We measured the use of electroconvulsive therapy (ECT) over 3 months in England in 2006 and compared that with studies from 1999 and 2002. Questionnaires were completed by hospital ECT staff and returned by post with data collected prospectively on ECT use from National Health Service organisations.


Two-thirds (56 of 76) of the trusts providing ECT at 109 clinics responded. The number of clinics providing ECT and the number of patients receiving ECT has declined. There has been an increase in the proportion of people receiving ECT when detained under the Mental Health Act 1983.


The number of ECT clinics is likely to continue to decrease and psychiatrists may have decreasing experience of treating patients with ECT.

Electroconvulsive therapy (ECT) is effective in the treatment of major depression but can also cause problems, especially memory impairment (National Institute for Health and Clinical Excellence, 2003). In the UK, the National Institute for Health and Clinical Excellence (NICE) has recommended restricting its use to severe depression, catatonia or severe mania when other treatments have failed (National Institute for Health and Clinical Excellence, 2003). Globally, ECT has been in decline but the variability between countries is marked and related to socio-political factors such as unfavourable public perception and professional attitude (Eranti & McLoughlin, 2003).

In the UK, ECT data were routinely collected by the National Health Service (NHS) until 1991, when specific ECT reporting was replaced by Hospital Episode Statistics, considered to significantly underreport ECT activity (Department of Health, 2003). In response, the Department of Health conducted two retrospective surveys (Department of Health, 1999, 2003). Questionnaires were sent to all NHS trusts and private hospitals with mental health facilities in England for collation of information. Many trusts were able to return data after minimal adjustments to the manual record kept in ECT suites. Both surveys demonstrated a steady decline of ECT, a trend which began in 1985 (Department of Health, 1999). The latest survey from 2002 (Department of Health, 2003) showed an additional 5% of patients receiving ECT had been treated at private facilities. Limitations in the quality of the data were acknowledged: retrospective design, primary focus on demographic factors and a lack of qualitative enquiry in either of the studies. However, the studies were considered by the Department of Health to be ‘broadly representative’ of ECT treatment patterns. The reports also provided data from previous Department of Health reports in 1985 and 1991, which are cited below for purposes of ECT data comparison.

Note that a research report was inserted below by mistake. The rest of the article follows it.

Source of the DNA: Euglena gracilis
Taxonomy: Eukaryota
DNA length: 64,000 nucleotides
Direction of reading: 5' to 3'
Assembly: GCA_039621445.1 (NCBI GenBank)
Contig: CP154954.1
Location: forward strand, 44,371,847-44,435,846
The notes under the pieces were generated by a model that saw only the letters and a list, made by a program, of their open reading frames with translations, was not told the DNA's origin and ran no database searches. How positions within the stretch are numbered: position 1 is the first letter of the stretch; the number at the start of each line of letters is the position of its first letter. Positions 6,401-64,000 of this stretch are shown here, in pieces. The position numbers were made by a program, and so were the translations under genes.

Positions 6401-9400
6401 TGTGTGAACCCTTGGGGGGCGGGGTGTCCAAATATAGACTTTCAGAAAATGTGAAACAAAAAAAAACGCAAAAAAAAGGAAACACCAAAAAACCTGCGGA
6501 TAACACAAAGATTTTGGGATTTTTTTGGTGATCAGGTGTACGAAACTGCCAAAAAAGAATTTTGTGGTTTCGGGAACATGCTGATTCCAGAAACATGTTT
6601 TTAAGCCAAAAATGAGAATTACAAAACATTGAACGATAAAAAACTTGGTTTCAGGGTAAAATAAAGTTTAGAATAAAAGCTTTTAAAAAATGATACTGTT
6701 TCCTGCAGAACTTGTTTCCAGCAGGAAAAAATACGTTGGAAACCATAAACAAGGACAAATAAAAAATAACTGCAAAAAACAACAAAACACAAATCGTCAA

The ECT Accreditation Service (ECTAS) was launched in May 2003 to ensure quality and continual improvement of the administration of ECT (Cresswell et al, 2005). The service was set up by the Royal College of Psychiatrists with the support of the Royal College of Anaesthetists and the Royal College of Nursing. Since the 2002 survey, there have been observations that ECT has declined, following the closure of small ECT clinics and centralisation of provision. This study aims to estimate current ECT activity in England using improved method and a similar time period and compare it with previous reports.